If you drive a car and live in the Puget Sound region, it’s likely you have downloaded the Waze app to find the fastest route along our region’s increasingly congested roadways. Now, Waze is hoping you will use its technology to share the ride to work with your neighbors and co-workers.

On Tuesday, the company launched Waze Carpool in Washington state.

The app allows drivers and passengers to choose their fellow carpoolers based on profiles, star ratings, number of mutual friends, and customizable filters such as same gender and co-worker. Carpoolers can continue to use Waze’s free app for real-time traffic updates and HOV routings to travel the fastest routes. Passenger fees are capped at 54 cents per mile, and payments are handled by Waze, with drivers earning money to pay for gas — up to $15 per ride, according to Waze.

The company tested its Waze Carpool service in California, Texas, and Israel. It faces local competition from ridesharing apps Uber Pool, Lyft Line, and Scoop.

“We are running out of options,” Waze CEO Noam Bardin said during a private launch party and media briefing on Monday evening in downtown Seattle. “There are too many cars, not enough roads, and the traffic is getting worse. We are not going to be building more roads (or) double or triple the road capacity. We have to change a few things about the way we act as a society.”

Photo courtesy of Waze

Bardin hopes Waze Carpool creates one more incentive for drivers to get out of their single-occupancy vehicles and choose other transportation options, such as vanpools, buses, and light rail that aim to reduce commute times and traffic volumes.

“If we can get a small percent of our users to share their car, not only can we help them recoup a significant part of their costs, not only can we help the environment, and not only can we help people’s lives, but we can actually lower the amount of traffic and reach a positive throughput at a peak time,” Bardin added.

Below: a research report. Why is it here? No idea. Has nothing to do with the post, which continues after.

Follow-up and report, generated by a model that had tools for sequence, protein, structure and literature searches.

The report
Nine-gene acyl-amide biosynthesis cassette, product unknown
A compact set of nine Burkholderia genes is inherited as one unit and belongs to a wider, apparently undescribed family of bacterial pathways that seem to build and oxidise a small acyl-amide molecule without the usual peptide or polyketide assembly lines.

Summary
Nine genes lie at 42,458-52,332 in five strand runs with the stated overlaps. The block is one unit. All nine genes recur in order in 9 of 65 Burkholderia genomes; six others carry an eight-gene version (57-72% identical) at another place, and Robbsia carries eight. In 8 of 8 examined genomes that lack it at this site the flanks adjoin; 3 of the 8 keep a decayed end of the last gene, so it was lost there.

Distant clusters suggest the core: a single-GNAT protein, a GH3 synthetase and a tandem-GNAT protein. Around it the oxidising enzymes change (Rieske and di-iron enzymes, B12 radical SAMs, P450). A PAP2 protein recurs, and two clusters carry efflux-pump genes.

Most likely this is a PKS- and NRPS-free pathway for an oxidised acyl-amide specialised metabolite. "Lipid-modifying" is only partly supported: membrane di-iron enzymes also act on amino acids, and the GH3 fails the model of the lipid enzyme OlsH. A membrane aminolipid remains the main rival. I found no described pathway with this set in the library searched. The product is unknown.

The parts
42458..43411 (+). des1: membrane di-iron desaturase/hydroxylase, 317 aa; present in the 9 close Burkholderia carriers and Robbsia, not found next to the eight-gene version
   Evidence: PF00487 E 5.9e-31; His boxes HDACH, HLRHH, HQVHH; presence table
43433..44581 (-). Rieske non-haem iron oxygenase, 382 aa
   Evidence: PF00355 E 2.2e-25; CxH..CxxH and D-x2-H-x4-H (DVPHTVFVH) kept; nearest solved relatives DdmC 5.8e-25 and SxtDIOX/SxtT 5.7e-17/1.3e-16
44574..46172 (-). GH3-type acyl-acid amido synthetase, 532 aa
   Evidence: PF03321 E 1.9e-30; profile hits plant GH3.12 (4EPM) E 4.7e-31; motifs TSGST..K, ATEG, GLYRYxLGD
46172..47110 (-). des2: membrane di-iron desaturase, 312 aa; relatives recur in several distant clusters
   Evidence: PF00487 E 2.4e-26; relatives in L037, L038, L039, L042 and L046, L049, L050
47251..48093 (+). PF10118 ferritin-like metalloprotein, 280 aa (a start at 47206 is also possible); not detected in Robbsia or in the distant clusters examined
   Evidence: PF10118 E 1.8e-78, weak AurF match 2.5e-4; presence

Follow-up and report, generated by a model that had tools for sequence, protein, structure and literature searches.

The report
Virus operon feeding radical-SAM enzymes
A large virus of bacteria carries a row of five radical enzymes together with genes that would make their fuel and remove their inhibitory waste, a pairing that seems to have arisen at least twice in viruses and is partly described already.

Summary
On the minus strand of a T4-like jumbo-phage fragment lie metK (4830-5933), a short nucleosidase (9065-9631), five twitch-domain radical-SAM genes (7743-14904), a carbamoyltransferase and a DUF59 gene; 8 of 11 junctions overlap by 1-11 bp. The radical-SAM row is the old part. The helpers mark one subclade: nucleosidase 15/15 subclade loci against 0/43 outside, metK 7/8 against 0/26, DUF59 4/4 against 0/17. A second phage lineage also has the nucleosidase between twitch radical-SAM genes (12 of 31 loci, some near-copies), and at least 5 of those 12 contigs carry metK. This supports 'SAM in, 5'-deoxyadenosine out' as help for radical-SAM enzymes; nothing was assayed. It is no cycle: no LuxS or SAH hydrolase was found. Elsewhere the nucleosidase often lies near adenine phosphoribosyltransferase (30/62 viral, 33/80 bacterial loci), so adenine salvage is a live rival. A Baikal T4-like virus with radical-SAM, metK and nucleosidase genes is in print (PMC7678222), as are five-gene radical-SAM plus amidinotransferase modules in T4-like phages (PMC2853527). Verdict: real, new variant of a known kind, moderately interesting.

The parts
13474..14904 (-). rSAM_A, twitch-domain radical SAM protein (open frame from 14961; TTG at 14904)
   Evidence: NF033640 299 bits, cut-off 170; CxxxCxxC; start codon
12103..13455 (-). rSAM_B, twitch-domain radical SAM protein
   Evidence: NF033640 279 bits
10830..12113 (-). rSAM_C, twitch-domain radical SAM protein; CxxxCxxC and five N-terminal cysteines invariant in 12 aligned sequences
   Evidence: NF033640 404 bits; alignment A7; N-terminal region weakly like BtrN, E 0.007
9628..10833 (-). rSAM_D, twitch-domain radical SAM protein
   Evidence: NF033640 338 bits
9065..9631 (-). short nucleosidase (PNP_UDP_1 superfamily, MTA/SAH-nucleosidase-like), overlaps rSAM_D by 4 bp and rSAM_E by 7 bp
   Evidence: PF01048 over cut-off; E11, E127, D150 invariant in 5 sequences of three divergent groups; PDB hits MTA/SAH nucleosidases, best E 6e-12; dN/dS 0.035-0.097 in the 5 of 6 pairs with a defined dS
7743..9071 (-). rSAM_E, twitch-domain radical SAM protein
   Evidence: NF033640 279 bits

“Like many Puget Sound cities, our transportation infrastructure is largely built out,” Kirkland Deputy Mayor Jay Arnold commented during the launch party, which also was attended by representatives of Governor Jay Inslee, Washington State Department of Transportation, Commute Seattle, and the City of Tacoma. “Our focus moving forward really is a strategy that invests in the improvements that make the system more efficient. We view Waze Carpool as a great tool that fits right in with our goals of balanced transportation.”

Charles Knutson, a senior policy advisor who specializes in transportation and economic development for Governor Inslee, noted that while the state’s booming economy is “a good problem to have,” the influx of people moving to the area — as many as 1,000 people per week in Seattle, according to Knutson — has put pressure on roads and highways.

“Our infrastructure has not changed its footprint much in the last 50 years,” Knutson said. “The more we can be investing in transit, buses, light rail, and in carpooling, better managing the system that we’ve got, that’s how we are going to help everybody get where they are going as fast as they can.”

Waze was created 10 years ago and acquired by Google in 2013. It counts 100 million monthly active users who use its free, real-time navigation app. In Seattle alone, that number is 375,000, according to Waze.

The Waze Carpool app is available on iOS or Android. More information is available online at waze.com/carpool.